Myth: Alternative milk is healthier than dairy milk

Image of jar of milk

Don’t assume that alternative milks, like almond, coconut, oat, or soy milk contain the same nutrients as cow’s milk. Many don’t provide enough of certain key nutrients like protein, potassium and vitamin D.

However, nondairy beverages can be a good alternative for some allergic or intolerant to milk. Just be sure to check the label for sugar content, vitamins, etc. You want to stay away from the ones that contain a lot of unnatural ingredients and oils.

Myth: Eight glasses of water a day is the magic number.

Woman drinking water

Basic hydration needs entirely depend on the individual. Most healthy people can stay hydrated by drinking water and other fluids whenever they feel thirsty. For some people, fewer than eight glasses a day might be enough.

You may need more or less water depending on exercise and activity level, diet, and the temperature or season. 

Remember, you can still get water into your system from foods like fruits, vegetables, soups, etc.

If you prefer something with flavor but don’t want the empty calories of sugary drinks, try infused water.

Myth: All bread is unhealthy

Side-view of loaf of bread

Bread made from 100% whole grains has essential vitamins and minerals as well as numerous health benefits. There are plenty of healthy bread choices that you can include in your diet on the GOLO for Life Plan.

Quick tip: Multigrain, whole grain, and whole wheat are not the same. The only bread with no refined flours will be labeled as ‘100% whole grain’ or ‘100% whole wheat’.

Myth: Eating once a day is a good way to lose weight.

It’s important to eat regularly. This helps to make sure your metabolism is functioning properly and working to help you lose weight.

When your eating habits are inconsistent or infrequent, your body goes into ‘starvation mode.’ This means your body will begin to hold onto calories. While eating once a day could result in temporary weight loss, over time, your weight loss may plateau or possibly reverse.

Myth: ‘Light’ and ‘non-fat’ dairy is healthier than full-fat dairy

Top view of various dairy products

There are a few reasons why full-fat dairy is the healthier choice over reduced-fat.

For starters, a lot of the flavor in dairy products comes from its fat content. When fat is stripped away, so is the flavor. In order to make up for the loss in flavor, some manufacturers replace the fat that has been removed with sugar, ‘flavors’, and other additives.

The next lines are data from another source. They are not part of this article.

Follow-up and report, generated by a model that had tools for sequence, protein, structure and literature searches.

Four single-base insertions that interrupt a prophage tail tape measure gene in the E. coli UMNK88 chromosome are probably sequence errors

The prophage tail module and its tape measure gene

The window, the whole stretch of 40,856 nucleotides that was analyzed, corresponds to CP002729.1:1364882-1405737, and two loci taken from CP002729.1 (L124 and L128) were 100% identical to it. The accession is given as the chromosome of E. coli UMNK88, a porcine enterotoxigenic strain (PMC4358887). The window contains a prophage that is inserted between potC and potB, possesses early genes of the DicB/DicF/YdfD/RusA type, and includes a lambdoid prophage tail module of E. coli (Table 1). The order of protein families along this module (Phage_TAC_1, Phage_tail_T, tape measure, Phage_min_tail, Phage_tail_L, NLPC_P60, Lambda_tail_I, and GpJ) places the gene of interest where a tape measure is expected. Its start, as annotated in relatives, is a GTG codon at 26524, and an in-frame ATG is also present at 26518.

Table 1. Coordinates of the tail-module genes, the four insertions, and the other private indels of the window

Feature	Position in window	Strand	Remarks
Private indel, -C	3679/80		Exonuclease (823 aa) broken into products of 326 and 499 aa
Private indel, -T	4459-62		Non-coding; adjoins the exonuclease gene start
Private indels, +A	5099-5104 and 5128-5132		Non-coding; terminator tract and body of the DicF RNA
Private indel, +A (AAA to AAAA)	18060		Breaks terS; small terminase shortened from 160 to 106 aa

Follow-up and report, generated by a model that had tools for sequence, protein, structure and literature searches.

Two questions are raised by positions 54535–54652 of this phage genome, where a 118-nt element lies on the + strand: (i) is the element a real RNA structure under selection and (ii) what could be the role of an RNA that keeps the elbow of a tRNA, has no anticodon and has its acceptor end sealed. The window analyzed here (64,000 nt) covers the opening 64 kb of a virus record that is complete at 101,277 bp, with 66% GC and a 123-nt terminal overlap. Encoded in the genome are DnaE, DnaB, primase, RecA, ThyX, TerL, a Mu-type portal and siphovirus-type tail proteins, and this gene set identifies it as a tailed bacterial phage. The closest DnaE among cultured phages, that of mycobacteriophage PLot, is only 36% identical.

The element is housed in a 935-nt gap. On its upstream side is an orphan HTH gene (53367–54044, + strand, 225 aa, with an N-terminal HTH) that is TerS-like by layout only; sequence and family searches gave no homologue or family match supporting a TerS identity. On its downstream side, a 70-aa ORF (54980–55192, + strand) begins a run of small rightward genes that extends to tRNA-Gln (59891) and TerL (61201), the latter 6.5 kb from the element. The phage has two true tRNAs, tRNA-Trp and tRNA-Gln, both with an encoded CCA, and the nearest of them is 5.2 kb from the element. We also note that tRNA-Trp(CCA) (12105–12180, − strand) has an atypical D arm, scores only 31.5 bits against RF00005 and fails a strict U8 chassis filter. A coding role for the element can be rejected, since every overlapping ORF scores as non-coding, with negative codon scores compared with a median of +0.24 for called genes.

Fat is also what helps the body process naturally occurring sugar and absorb the vitamins found in dairy. When it is removed, the body can’t digest and process fats the way it should.

Read more about why full-fat dairy is healthier than reduced-fat here.

Myth: A juice cleanse is a good way to start a diet

Juice cleanses typically involve consuming only liquids made from fruits or vegetables for a certain amount of time without eating solid food.

Juice cleanses can lead to short-term weight loss, but this doesn't mean it's a healthy way to lose weight. The rapid weight loss you see from a juice cleanse isn’t healthy or sustainable.

Myth: Gluten-free foods are healthier than foods with gluten.

While some people need to keep a gluten-free diet due to food intolerance, foods with gluten in them don’t necessarily mean they’re unhealthy.

Gluten is a protein found in wheat and other grains. Gluten itself, especially gluten found in whole grains, is not bad for healthy people whose bodies can tolerate it, and can provide protein, fiber, and nutrients. 

Myth: It’s healthy to cut out a particular food group

Woman in grocey store looking at items

If you think you’ll have an easier time losing weight by either cutting carbs or fats, think again.

Cutting out certain food groups has never been an ideal weight loss plan. That’s why at GOLO we focus on a gradual weight loss that happens by eating properly-portioned, well-balanced meals. The bottom line, when you eliminate food groups, you put your body at risk for a number of nutritional deficiencies.